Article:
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Mail not hearsay, COA rules in affirming drug, gun convictions

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A Fort Wayne man’s convictions on multiple cocaine-dealing and felony weapons charges were affirmed Tuesday after the Indiana Court of Appeals ruled on an issue of first impression, indicating that he was not prejudiced by mail. Lamont Carpenter asserted the trial court abused its discretion when it admitted mail containing his name and address because it was hearsay.

Carpenter also claimed on appeal that the trial court improperly bifurcated his trial on a weapons charge and that simultaneous convictions of possession of a firearm by a serious violent felon and possession of a handgun with altered identifying marks exposed him to double jeopardy.

Fort Wayne police executed a search warrant in January 2013 on Carpenter’s apartment after a confidential informant made controlled buys of cocaine on multiple occasions. Police found about 100 grams each of cocaine and marijuana, a semiautomatic pistol with the serial number removed, and about $1,400 in cash.

A jury convicted Carpenter of five counts of Class A felony dealing in cocaine, Class B felony unlawful possession of a handgun by a serious violent felon, Class C felony possession of a handgun with altered identifying marks, and Class D felony possession of marijuana.

“Carpenter argues that, because the jury received the statutory citation for possession of a firearm by an SVF, his trial was not completely bifurcated, which prejudiced him. We disagree,” Judge Melissa May wrote for the panel in Lamont Carpenter v. State of Indiana, 02A05-1309-CR-467.

Counsel for Carpenter argued that the judge gave jurors instructions that cited the statute, I.C. 35-47-4-5, which referred to serious violent felons. This could have prejudiced Carpenter if jurors looked up the statute. May, however, wrote the that judge had warned jurors against doing their own research, and evidence showed the jury didn’t know he was a serious violent felon.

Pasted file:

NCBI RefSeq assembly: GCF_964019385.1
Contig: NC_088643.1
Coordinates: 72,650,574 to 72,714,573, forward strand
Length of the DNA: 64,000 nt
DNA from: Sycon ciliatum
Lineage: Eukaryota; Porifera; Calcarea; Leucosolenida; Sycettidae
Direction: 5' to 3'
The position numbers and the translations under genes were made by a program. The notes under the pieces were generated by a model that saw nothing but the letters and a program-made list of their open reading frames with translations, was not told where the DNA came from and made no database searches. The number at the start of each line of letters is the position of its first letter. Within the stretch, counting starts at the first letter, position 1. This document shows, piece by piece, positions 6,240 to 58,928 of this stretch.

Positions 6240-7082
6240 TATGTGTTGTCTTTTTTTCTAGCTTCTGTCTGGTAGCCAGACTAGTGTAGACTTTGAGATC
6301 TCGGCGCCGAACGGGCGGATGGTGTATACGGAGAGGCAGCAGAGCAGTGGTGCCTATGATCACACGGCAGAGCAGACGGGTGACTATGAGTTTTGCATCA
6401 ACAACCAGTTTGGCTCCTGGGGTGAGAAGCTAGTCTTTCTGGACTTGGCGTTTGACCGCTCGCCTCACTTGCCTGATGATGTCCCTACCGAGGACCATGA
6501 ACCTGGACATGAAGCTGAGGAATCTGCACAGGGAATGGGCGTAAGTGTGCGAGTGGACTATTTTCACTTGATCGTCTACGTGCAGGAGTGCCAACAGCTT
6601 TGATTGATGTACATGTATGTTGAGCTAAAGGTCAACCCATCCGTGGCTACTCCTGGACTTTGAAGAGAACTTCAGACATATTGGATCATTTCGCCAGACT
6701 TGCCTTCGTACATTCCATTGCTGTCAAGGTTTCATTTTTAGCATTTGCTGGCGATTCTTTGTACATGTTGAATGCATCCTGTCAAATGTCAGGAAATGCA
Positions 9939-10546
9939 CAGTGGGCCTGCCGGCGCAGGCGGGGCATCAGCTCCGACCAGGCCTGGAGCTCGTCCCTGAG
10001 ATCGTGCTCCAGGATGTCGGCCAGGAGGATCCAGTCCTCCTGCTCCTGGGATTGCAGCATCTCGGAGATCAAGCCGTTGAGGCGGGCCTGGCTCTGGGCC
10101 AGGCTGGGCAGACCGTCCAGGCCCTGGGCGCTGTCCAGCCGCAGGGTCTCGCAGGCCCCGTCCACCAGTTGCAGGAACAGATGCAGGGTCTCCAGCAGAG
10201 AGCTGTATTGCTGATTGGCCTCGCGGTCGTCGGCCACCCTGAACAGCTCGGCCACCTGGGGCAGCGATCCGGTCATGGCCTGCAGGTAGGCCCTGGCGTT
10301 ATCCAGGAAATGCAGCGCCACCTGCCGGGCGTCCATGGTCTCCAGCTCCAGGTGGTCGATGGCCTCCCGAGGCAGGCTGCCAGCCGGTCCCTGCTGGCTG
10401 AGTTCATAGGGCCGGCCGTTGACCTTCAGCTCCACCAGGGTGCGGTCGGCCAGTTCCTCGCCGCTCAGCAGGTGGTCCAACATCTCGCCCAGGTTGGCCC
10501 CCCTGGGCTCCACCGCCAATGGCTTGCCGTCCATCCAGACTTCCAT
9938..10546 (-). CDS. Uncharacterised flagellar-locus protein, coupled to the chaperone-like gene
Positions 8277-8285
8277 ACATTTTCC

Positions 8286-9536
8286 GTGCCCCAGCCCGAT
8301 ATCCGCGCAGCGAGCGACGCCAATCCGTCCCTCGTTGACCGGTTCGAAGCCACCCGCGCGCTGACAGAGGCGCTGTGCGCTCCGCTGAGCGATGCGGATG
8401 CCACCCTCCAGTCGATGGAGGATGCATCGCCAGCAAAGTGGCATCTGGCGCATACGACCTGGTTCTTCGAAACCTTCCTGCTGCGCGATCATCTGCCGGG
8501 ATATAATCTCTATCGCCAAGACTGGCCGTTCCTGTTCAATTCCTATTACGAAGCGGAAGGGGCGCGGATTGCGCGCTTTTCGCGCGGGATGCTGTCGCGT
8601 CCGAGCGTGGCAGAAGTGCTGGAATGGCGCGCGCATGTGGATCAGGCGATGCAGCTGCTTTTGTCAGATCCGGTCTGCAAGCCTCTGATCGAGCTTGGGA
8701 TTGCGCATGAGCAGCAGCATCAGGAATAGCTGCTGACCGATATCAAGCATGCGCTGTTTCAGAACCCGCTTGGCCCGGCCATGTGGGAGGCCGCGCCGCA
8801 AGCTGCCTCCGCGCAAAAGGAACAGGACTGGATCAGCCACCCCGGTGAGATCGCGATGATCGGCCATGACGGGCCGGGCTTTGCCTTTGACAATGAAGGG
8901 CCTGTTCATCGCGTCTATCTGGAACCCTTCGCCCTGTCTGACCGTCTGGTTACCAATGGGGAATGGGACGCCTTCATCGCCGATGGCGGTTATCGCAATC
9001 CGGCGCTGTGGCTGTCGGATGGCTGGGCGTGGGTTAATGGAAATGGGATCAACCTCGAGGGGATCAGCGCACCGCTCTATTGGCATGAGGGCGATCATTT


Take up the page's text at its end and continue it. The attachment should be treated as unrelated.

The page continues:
“Carpenter has not demonstrated he was prejudiced by the partial bifurcation of his trial,” the panel wrote.

Neither was Carpenter biased by mail with his name and address that was admitted after police collected it during the search. The panel held the mail was not hearsay.

“While this is an issue of first impression in Indiana, a majority of the courts from other states that have considered the issue have held the prohibition against the admission of hearsay is not violated when mail found during an investigation is introduced at trial to demonstrate the defendant’s name and address were on mail found in a specific location,” May wrote, citing authority from Florida, North Carolina and Virginia.

Finally, the court concluded, “Carpenter was not subjected to double jeopardy when he was convicted of possession of a firearm by a SVF and possession of a handgun with altered identifying marks."
 

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  1. I have dealt with more than a few I-465 moat-protected government attorneys and even judges who just cannot seem to wrap their heads around the core of this 800 year old document. I guess monarchial privileges and powers corrupt still ..... from an academic website on this fantastic "treaty" between the King and the people ... "Enduring Principles of Liberty Magna Carta was written by a group of 13th-century barons to protect their rights and property against a tyrannical king. There are two principles expressed in Magna Carta that resonate to this day: "No freeman shall be taken, imprisoned, disseised, outlawed, banished, or in any way destroyed, nor will We proceed against or prosecute him, except by the lawful judgment of his peers or by the law of the land." "To no one will We sell, to no one will We deny or delay, right or justice." Inspiration for Americans During the American Revolution, Magna Carta served to inspire and justify action in liberty’s defense. The colonists believed they were entitled to the same rights as Englishmen, rights guaranteed in Magna Carta. They embedded those rights into the laws of their states and later into the Constitution and Bill of Rights. The Fifth Amendment to the Constitution ("no person shall . . . be deprived of life, liberty, or property, without due process of law.") is a direct descendent of Magna Carta's guarantee of proceedings according to the "law of the land." http://www.archives.gov/exhibits/featured_documents/magna_carta/

  2. I'm not sure what's more depressing: the fact that people would pay $35,000 per year to attend an unaccredited law school, or the fact that the same people "are hanging in there and willing to follow the dean’s lead in going forward" after the same school fails to gain accreditation, rendering their $70,000 and counting education worthless. Maybe it's a good thing these people can't sit for the bar.

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